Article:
Our Terms of Service and Privacy Policy have changed.

By continuing to use this site, you are agreeing to the new Privacy Policy and Terms of Service.

Breaking Views

CEOs: It's not just about the money

It sure does help though. Still, according to a new study, the size of their paychecks is just one of many rewards.

EMAIL  |   PRINT  |   SHARE  |   RSS
 
google my aol my msn my yahoo! netvibes
Paste this link into your favorite RSS desktop reader
See all CNNMoney.com RSS FEEDS (close)
By Antony Currie, breakingviews.com

(breakingviews.com) -- How important is pay to the average multi-millionaire investment bank executive?

Sure, it's right up there on the list of must-haves. And the ability to sell stock holdings they have accumulated might sometimes fuel excessive risk-taking, as a new Harvard study suggests. But money is hardly the only thing on Wall Street bosses' minds.

If it were, many of those who were on the bridge -- or playing bridge, in the case of Bear Stearns' Jimmy Cayne and Warren Spector -- would have long since left the business. John Mack, for example, could have retired and lived more than comfortably after leaving Morgan Stanley (MS, Fortune 500) in 2001. Yet he went on to run Credit Suisse (CS) and then returned to head Morgan Stanley.

The fact is, executives like the challenge, the power, the prestige and the battle to best their rivals -- and the amount they're paid is just one way that is expressed. And during booms and bubbles they often tend to believe that they know best.

Take Lehman Brothers, which had seemingly learned the need for solid risk management from two near-death experiences in the 1990s. By 2007, the firm's risk supremo was being excluded from key meetings, and those who disagreed with the aggressive commercial real estate strategy that helped bring the firm down were removed. That smacks more of hubris than of stock-market timing.

But the Harvard study does offer a reminder that while executives and Lehman and Bear lost a bundle when their firms collapsed, they also hung onto much of the fortune they had made beforehand because they were able to sell some of the stock holdings they had built up.

Under Wall Street's old partnership structures, selling equity was close to impossible until a partner retired. Now stock awards tend to become accessible a few years after they are made. The research paper fails to identify how much stock executives at Bear and Lehman sold to meet legitimate expenses like tax obligations. But it rightly notes that the ability to sell large chunks of stock and options could influence the business decisions executives make.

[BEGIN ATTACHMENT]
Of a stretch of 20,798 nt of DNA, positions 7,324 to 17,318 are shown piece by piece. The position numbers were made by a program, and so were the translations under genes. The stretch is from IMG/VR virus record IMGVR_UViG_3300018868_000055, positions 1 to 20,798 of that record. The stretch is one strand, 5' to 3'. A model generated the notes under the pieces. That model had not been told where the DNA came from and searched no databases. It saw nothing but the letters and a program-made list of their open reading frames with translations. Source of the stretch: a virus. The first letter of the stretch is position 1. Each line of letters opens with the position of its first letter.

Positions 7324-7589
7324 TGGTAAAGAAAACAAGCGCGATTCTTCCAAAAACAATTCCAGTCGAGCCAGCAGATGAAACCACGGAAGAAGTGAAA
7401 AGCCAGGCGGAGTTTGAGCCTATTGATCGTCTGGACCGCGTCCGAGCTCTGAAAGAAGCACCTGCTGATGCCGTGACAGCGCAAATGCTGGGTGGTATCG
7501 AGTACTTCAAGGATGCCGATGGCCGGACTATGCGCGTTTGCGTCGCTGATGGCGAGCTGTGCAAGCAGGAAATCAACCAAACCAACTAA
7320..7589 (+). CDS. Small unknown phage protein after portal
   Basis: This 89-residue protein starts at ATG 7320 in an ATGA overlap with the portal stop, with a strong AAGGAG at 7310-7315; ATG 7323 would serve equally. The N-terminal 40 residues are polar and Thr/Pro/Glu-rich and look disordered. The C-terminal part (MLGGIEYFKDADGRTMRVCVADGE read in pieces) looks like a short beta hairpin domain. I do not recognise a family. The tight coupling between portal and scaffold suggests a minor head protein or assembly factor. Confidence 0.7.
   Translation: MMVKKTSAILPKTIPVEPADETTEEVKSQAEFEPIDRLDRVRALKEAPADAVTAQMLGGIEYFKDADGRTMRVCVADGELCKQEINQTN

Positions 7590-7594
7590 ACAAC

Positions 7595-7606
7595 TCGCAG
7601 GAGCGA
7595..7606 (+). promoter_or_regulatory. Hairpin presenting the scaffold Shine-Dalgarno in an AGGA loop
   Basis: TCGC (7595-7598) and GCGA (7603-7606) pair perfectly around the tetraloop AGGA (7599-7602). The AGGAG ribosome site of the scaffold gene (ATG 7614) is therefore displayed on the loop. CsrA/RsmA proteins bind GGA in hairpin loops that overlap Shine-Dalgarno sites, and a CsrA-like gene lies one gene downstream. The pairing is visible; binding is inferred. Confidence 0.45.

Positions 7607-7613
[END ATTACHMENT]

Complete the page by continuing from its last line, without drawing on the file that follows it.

The Harvard authors suggest limiting all stock and options sales to 10% of an executive's holdings each year. And maybe shareholders and regulators should be thinking along these lines.

But guarding against Wall Street bosses' conviction that they're too smart to fail -- a conviction that can cost those same bosses whatever holdings they have left -- is far harder. To top of page

Company Price Change % Change
Bank of America Corp... 14.68 0.21 1.45%
Freeport-McMoRan Inc... 11.11 -0.27 -2.37%
Chesapeake Energy Co... 4.05 0.38 10.35%
Apple Inc 97.90 1.47 1.52%
Microsoft Corp 51.59 1.56 3.12%
Data as of 4:15pm ET
Index Last Change % Change
Dow 17,706.05 213.12 1.22%
Nasdaq 4,861.06 95.28 2.00%
S&P 500 2,076.06 28.02 1.37%
Treasuries 1.86 0.02 1.14%
Data as of 11:43pm ET
More Galleries
Banned! 10 things you won't find in China China says it wants to open its economy more to the rest of the world, but Beijing keeps a tight grip on technology and access to media. These 10 items are still off limits. More
A morning at the AltSchool, an education startup that Silicon Valley is crazy about The AltSchool is a system of "micro schools" and an education software maker that has raised about $133 million from investors like Andreessen Horowitz and Mark Zuckerberg and Priscilla Chan's philanthropic fund. More
Coolest cars for $18,000 These are the best budget cars, according to the experts at Kelley Blue Book. More
Sponsors
Worry about the hackers you don't know 
Crime syndicates and government organizations pose a much greater cyber threat than renegade hacker groups like Anonymous. Play
GE CEO: Bringing jobs back to the U.S. 
Jeff Immelt says the U.S. is a cost competitive market for advanced manufacturing and that GE is bringing jobs back from Mexico. Play
Hamster wheel and wedgie-powered transit 
Red Bull Creation challenges hackers and engineers to invent new modes of transportation. Play